It’s all about what clients need
Financial advisors must understand what their clients need, what they want to achieve in the long term and what they can afford.
"It should never be just a sales pitch. It's about knowing where your clients are, where they want to be, and how they can get there. Good financial advisors will know how to bridge the gap between needs and goals," says Kay Patterson, head of quality assurance of Integrity Financial Advice Network, a member of the AXA Group.
"And clients should not just be passengers. They should be closely involved throughout the entire journey," Patterson says.
In this way both sides can avoid misunderstanding if an investment goes bad one day.
"I have seen financial advisors who refused to pick up the phone to explain things to clients after the market crashed because they didn't know what to tell them at that juncture. They wouldn't need to do that if they had done their job properly in the first place," she says.
No matter what product financial advisors are selling - be it an MPF fund or insurance savings plan - the broad principles are the same - plan, do and review, according to Patterson.
She says they have to plan it and explain it well to clients, see whether it is achievable and carry it out properly. Then they should revisit the whole thing to check on its progress. Another important aspect of the training for financial advisors and wealth management professionals is to make sure that they do everything according to best practices, with clients' interests taking precedence at all times. So it all comes down to integrity, she says.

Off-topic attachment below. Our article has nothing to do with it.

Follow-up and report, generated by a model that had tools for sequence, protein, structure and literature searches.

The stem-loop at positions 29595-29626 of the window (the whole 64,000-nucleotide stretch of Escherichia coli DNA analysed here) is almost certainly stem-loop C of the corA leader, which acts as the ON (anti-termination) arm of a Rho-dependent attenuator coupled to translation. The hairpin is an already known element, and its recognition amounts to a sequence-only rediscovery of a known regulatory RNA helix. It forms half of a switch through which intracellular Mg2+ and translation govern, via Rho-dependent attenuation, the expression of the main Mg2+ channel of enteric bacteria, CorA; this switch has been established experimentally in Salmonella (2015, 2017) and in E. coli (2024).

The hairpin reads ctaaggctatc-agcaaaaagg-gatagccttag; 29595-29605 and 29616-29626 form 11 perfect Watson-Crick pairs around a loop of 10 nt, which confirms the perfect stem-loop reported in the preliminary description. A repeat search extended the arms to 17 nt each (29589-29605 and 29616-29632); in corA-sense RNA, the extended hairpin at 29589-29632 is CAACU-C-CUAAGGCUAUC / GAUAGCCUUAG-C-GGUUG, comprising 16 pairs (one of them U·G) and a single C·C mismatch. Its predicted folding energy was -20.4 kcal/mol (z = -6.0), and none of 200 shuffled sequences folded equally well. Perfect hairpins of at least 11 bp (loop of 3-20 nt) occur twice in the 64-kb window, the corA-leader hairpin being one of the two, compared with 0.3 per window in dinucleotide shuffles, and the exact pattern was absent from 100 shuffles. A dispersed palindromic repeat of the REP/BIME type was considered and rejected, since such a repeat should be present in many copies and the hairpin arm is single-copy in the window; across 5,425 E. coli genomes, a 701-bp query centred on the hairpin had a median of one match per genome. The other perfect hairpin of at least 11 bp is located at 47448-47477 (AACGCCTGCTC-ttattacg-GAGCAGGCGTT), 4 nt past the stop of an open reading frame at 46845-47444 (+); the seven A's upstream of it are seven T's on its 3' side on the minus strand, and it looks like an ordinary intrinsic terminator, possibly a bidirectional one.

"There is a wide range of financial products available in the market. Hence, financial and wealth management firms must educate their customers about their actual needs and the affordability [of the products offered to them.] A long-term investment is not just about looking at the returns. Knowing the details is also very important. We need to engage customers and help them make informed decisions," Patterson adds.
To be able to do this, financial and wealth management firms must first educate their advisors. According to Patterson, some of these firms promote their advisors to managerial level without giving them proper training. They are often promoted simply because they have reached a certain sales target. She says this approach has undermined the professional standards developed by the industry in recent years.
"At the end of the day, it should be all about what clients need, and advisors have to make sure that they need it, like it and can afford it," she adds.